Mexico, far from overcoming perception of corruption in world report
Mexico continues far from the average table at the end of 180 countries globally with the perception of corruption
- ALEJANDRA CANCHOLA
- 18:12 hrs
The country rose six positions in expert evaluation but remains the worst evaluated in the OECD; They ask to strengthen the INAI as an anti-corruption medium.
According to the most recent report from Transparency International, Mexico chapter, Mexico continues far from the average table at the end of 180 countries globally with the perception of corruption.
Although it is up to two points and six places compared to 2019 and its rating on the Corruption Perception Index is 31 points (where 0 would be the lowest evaluation and 100 the best possible evaluation), it is far from the best examples in the world.
Thus, Mexico continues at the bottom of the table of countries worldwide with the worst perception of the fight against corruption, according to the most recent Transparency International report, Mexico chapter.
Of the 180 countries evaluated for the CPI, Mexico rose six places to evaluate combating malpractices in the public service, so it is now in 124th place. But it remains in 37th place of those that make up the OECD.
In addition to including the opinion of analysts, experts, and business people, the new report contains specific references to the management that governments have made of public resources to address the covid-19 pandemic.
Transparency Mexicana and Transparency International presented the IPC report for the countries to know the areas where they have weaknesses to combat corruption practices and find opportunities.
Among the recommendations that Transparencia Mexicana made on the IPC's delivery is strengthening the National Anticorruption System. Amid the organizations that make it up, the National Institute of Transparency, Access to Information and Protection of Personal Data (Inai).
It was also mentioned that the legal framework of action of the Superior Audit Office of the Federation (ASF) should be expanded so that it is capable of evaluating public spending in real-time and not only when a fiscal year closes.
On January 8, President Andrés Manuel López Obrador proposed reviewing an initiative to eliminate Inai, among other autonomous organizations, for which he promised to "provide public information" in less than 72 hours. "Fast track, this way it is obliged to deliver the information within 72 hours, that there are no reservations, complete transparency and that the official who does not deliver on time is sanctioned," said the president in one of his morning conferences.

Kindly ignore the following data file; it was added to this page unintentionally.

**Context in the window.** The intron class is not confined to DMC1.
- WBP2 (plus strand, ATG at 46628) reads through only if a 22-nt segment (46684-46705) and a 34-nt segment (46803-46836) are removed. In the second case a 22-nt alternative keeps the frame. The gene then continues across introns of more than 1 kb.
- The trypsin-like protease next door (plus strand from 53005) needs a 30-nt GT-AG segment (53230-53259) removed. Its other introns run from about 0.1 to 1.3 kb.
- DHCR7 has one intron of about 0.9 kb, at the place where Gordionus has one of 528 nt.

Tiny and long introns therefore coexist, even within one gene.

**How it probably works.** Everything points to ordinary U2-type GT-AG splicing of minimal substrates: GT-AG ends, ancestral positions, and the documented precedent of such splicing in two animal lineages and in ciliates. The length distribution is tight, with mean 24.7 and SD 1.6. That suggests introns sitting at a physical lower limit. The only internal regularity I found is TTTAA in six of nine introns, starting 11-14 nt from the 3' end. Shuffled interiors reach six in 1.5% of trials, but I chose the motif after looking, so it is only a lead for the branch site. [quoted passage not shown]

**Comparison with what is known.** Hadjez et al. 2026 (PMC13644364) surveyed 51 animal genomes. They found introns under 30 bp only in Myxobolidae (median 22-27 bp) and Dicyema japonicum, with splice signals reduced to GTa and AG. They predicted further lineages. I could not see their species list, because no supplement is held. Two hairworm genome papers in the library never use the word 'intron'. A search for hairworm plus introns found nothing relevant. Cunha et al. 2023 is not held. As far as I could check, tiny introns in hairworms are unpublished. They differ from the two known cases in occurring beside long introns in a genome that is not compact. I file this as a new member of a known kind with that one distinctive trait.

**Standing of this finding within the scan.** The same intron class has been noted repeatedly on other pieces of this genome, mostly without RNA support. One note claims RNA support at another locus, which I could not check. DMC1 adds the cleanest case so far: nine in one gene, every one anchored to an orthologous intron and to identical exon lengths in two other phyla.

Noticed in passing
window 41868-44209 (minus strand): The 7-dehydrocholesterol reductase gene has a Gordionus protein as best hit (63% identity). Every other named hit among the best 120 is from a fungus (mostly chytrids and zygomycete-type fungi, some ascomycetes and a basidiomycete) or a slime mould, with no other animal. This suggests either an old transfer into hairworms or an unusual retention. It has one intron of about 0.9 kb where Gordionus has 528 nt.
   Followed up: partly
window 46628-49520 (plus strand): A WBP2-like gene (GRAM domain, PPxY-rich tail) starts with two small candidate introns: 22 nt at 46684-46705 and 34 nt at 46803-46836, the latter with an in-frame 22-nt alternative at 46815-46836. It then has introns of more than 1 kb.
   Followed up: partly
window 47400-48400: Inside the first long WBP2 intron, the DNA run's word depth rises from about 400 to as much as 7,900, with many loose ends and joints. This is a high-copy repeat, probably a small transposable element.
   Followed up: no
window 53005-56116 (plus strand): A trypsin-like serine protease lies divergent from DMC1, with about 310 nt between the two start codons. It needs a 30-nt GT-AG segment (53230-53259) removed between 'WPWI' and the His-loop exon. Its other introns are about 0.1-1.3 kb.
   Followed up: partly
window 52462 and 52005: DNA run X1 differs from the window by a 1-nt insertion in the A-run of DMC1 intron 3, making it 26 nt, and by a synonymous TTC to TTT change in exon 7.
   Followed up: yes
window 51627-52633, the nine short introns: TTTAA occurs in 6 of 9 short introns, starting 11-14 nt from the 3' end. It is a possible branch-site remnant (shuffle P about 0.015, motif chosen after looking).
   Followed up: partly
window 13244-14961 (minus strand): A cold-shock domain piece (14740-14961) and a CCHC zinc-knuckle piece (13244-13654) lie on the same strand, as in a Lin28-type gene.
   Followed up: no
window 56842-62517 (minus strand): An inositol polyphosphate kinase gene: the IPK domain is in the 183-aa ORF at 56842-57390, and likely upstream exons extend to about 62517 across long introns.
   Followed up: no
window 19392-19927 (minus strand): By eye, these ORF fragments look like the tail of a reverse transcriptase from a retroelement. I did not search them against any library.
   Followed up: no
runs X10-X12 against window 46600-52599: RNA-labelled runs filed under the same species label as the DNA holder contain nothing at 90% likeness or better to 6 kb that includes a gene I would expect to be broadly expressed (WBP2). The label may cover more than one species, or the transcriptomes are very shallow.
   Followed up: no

Also, they called for the institutions that administer justice in the country and the Office of the Attorney General of the Republic (FGR) to give concrete results, such as the recovery of assets diverted in large cases of corruption.
One of the gaps that were detected in the experts' opinions to integrate the IPC is that there is a lack of sanctions against the corruption networks that are already known to the public opinion in the Mexican Anticorruption System.
Last year, Transparency International reported that, in the period 2016 to 2019, none of the transnational corruption cases involving Mexican companies and officials were sanctioned by the country's justice authorities.
In the historical data of the IPC, Mexico presented one of the lowest evaluations after the federal elections of 2018, since in 2019 it obtained only 29 points out of 100 possible on the classification of fighting corruption.
Other countries that maintain the highest impunity rates are Peru and Honduras. Organizations that function as planners of the fight against the governments' harmful practices have been eliminated, and political polarization has increased.
The Mexican government's call was strengthened not to undermine the ASF's functions, the Inai, and the FGR, as part of the National Anticorruption System.
Since 2017, Mexico has improved its perception of the fight against corruption, since people who used public services, between 2017 and 2019, claimed they requested a bribe to improve government care decreased by 10%.
The standards of bribery to citizens decreased, between 2017 and 2019, in medical services, where they went from 39% to 16%, and in public schools, where they went from 33% to 19%.
On the other hand, in those couple of years, the rate of bribery to police institutions increased, as they went from 30% in 2017; to 52% in 2019. The perception of corruption among members of Congress also increased.
RESULTS BY REGION
Latin America is no longer among the regions with the highest perception of impunity or a low fight against corruption. It now had an average of 43 points as a whole, very close to Asia, with 45 points.
Among the Latin American countries with a better evaluation than Mexico in terms of fighting corruption, Uruguay occupies first place in the region-, Chile, Bolivia, Colombia, Ecuador, Brazil, and Argentina, and Cuba.
Below Mexico are the Dominican Republic, Paraguay, Guatemala, Honduras, Nicaragua, and Venezuela. Besides, the latter is one of the five worst evaluated of the CPI and occupies 176th place of the total of countries being assessed.
The regions with the worst perception of fighting corruption are Africa and Eastern Europe, and Central Asia. In contrast, the best-evaluated area follows Western Europe and the countries of the European Union.
The countries with the highest evaluation in the CPI are Denmark and New Zealand, with 88 points out of 100. Followed by Singapore, Finland, Sweden, and Switzerland. The worst evaluated are Syria, Somalia, and South Sudan, with less than 15 points each.
Traducción: Valentina K. Yanes